This section is from the book "Some Contributions Of South India To Indian Culture", by S. Krishnaswami Aiyangar. Also available from Amazon: Some Contributions of South India to Indian Culture.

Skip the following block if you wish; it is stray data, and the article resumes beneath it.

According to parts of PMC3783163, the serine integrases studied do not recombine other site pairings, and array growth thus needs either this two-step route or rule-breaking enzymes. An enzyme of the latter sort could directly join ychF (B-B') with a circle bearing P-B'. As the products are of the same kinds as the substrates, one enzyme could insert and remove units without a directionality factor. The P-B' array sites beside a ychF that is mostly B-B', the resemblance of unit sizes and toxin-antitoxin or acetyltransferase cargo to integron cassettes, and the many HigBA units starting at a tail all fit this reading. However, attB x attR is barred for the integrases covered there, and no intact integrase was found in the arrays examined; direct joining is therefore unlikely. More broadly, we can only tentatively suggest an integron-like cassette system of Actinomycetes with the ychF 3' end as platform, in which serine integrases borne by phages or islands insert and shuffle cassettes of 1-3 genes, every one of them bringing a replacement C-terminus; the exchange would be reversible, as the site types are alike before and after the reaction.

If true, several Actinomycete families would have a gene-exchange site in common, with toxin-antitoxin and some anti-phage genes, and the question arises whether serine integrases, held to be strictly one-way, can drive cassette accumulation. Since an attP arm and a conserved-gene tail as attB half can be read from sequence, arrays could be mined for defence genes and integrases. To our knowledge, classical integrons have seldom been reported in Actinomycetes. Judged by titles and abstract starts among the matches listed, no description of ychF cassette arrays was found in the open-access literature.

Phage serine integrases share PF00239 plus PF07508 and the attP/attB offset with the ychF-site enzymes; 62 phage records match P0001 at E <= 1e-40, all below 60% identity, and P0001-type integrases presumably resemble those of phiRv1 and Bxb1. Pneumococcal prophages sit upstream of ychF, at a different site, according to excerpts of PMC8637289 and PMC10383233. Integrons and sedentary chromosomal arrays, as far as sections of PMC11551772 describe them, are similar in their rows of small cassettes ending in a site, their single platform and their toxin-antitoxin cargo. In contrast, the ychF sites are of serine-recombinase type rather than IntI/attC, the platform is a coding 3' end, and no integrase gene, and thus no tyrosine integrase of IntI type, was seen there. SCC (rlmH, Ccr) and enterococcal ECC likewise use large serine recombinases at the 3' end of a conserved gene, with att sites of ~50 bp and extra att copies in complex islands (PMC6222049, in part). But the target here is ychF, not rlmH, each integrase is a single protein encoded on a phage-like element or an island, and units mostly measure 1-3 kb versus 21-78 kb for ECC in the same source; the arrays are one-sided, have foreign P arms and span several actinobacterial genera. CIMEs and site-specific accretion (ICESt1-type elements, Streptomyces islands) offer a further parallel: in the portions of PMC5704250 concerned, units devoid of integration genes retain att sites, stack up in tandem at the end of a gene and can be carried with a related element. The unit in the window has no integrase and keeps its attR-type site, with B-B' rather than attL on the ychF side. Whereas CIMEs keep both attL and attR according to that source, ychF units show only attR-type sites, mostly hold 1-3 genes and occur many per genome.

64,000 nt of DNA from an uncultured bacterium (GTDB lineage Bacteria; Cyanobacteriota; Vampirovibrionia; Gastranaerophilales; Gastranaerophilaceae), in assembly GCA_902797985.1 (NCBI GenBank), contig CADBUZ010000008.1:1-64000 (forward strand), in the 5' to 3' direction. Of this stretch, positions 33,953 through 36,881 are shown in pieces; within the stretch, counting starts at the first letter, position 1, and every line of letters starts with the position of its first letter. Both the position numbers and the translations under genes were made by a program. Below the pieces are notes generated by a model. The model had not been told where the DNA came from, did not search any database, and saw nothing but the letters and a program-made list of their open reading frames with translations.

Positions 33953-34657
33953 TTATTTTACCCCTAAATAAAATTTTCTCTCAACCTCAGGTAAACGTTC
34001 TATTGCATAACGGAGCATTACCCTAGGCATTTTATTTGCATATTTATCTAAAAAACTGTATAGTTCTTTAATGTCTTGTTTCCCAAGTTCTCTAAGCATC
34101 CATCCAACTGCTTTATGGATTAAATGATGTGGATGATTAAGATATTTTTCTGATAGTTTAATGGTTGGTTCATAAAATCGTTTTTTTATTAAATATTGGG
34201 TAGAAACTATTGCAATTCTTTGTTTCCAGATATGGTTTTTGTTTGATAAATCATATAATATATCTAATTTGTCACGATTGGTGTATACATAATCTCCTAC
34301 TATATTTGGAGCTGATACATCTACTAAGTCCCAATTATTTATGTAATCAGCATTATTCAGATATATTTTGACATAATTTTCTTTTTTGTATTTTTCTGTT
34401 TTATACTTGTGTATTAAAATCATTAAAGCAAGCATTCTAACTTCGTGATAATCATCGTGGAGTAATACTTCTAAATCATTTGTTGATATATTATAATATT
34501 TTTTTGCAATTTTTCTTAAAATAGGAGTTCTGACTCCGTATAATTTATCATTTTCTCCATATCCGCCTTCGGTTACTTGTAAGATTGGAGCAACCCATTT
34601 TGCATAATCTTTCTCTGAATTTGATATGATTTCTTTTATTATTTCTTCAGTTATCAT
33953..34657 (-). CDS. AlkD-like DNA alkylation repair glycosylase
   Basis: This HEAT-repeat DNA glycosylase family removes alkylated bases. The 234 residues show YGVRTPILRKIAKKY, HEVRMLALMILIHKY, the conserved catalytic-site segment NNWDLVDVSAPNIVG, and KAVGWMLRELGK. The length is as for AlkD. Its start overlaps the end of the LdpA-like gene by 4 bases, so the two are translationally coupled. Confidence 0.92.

Having arranged the various genealogies in the Sanskrit charters of these Pallavas in a consolidated table, we might now turn to enquire what exactly it is possible for us to know of the Pallavas from these records and other sources of information available to us. Turning to the the Velurpalaiyam plates we can pass over the document till we come to Ka'abhartr described as the head jewel of his family like (Vishnu) the husband of Indira (Lakshmi). This perhaps give us a hint that he bore the name Kumara Vishnu as the Ongudu plates No. 1 would make us infer. No information of a historical character is given in regard to him. Then follows his son Chutapallava identified in the table with Skandavarman of the Uruvapalli and other grants. Even that name seems to be a mere eponymous name, the later tables giving instead the name merely Pallava. It is in his son Virakurcha that emerges the first historical character. He is said to have grasped the complete insignia of royalty together with the hand of the daughter of "the chief of the serpents" thereby becoming famous. Put in ordinary language this would mean that he married a Naga Princess and thereby acquired title to sovereignty of the region over which he ruled. This obviously has no connection with the birth of Tonclaman-llam-Tiraiyana who, according to the tradition embodied in the classical poem Perumbanarruppadai, was the son of a Chola king by a Naga Princess whose union with him was not exactly what Virakurcha's union as described is intended to be. The former is purely an affair of love which may even be regarded as a liaison. Virakurcha's is a regular marriage to a Princess and, through her, the acquisition of sovereignty. Neither the detail of the marriage nor the acquisition of sovereignty will agree with the story of Ilam-Tiraiyan. The explanation of this apparently is that the Pallava chieftain, whoever he was, contracted a marriage with a more influential Naga chieftain in the neighbourhood and thereby acquired his title to the territory which came to be associated with the Pal lavas. We have; already noted that the Satavahana Viceroy of the region round Adoni was the great commander Skandanaga. We also noted tha even before his time the territory round Chittaldrug, extending westwards to the sea almost, was in the possession of a family which went by the name Cutukula the members of which family sometimes described themselves as Satavahanas also. This would mean that they were a clan of the Satavahanas other than that which held rule over the Dakhan, but connected by blood and perhaps even by alliance with that clan. At one time under the rule of the later Satavahanas these Nagas appear to have extended their authority and even acquired a considerable portion of the kingdom of the Satavahanas themselves. If the Pallava chieftain in the neighbourhood made himself sufficiently distinguished and contracted a marriage alliance with these Nagas from whom came the early Satavahana queen Naganika, it would have been possible for him to have become recognised a feudatory sovereign of the region of either the Satavahanas themselves nominally, or of their successors the Nagas. This hint, vague as it is in the inscription, seems to let us into the secret of the rise of this dynasty of the Pallavas to power, and may give us even a clue to the time when these Pallavas should have risen to the kingly position. This must have happened at a time when the Satavahanas as a ruling dynasty had passed away, and the attempt at the assertion of the Gupta power over this region under Samudra Gupta had in a way shaken the authority of the older dynasties and left the field open for new dynasties to spring up. The character of the invasion of Samudragupta itself makes it clear that the whole of the western portion of the empire of the Andhras was in the hands of a power whom for some good reason Samudragupta did not attack. One such reason might have been that they held possession of the territory with some power. It is likely that their authority was not readily acquiesced in by the smaller chieftains, feudatories of the Sata-vahanas along the east coast. If this surmise should turn out correct it is possible to conceive that the western portion was held by the powerful family of the Nagas, relations of the Sata-vahanas, and the Pallavas were among the feudatories who showed a ready inclination to throw off the Satavahana yoke. When Samudra-gupta had come and gone, the western power, whatever that was, might have entered into a marriage alliance with the Pallavas and recog-nised them in the position to which they had already risen by their own efforts. This state of affairs seems supported from what is said of Virakurcha's successor. Skandasishya, son of Virakurcha succeeded the father and is described as "the moon in the sky of his family"; in other words the most distinguished member of the family. He seized from King Satyasena the "Ghatika" of the Brahmans. We already indicated the possibility that the Satyasena here referred to may be Mahakshatrapa Svami Satyasena of the coins whose time would be the ninth decade of the 4th century A.D. We do not know definitely that the power of the Mahakshatrapas extended as far south as to come into contact with the Pallavas. The probability seems to be the Pallavas co-operated with the dynasty of the Western Dakhan in a war with the Kshatrapas of Malva who might, it is possible, have made an effort to extend their authority southwards into the region of of the Dakhan.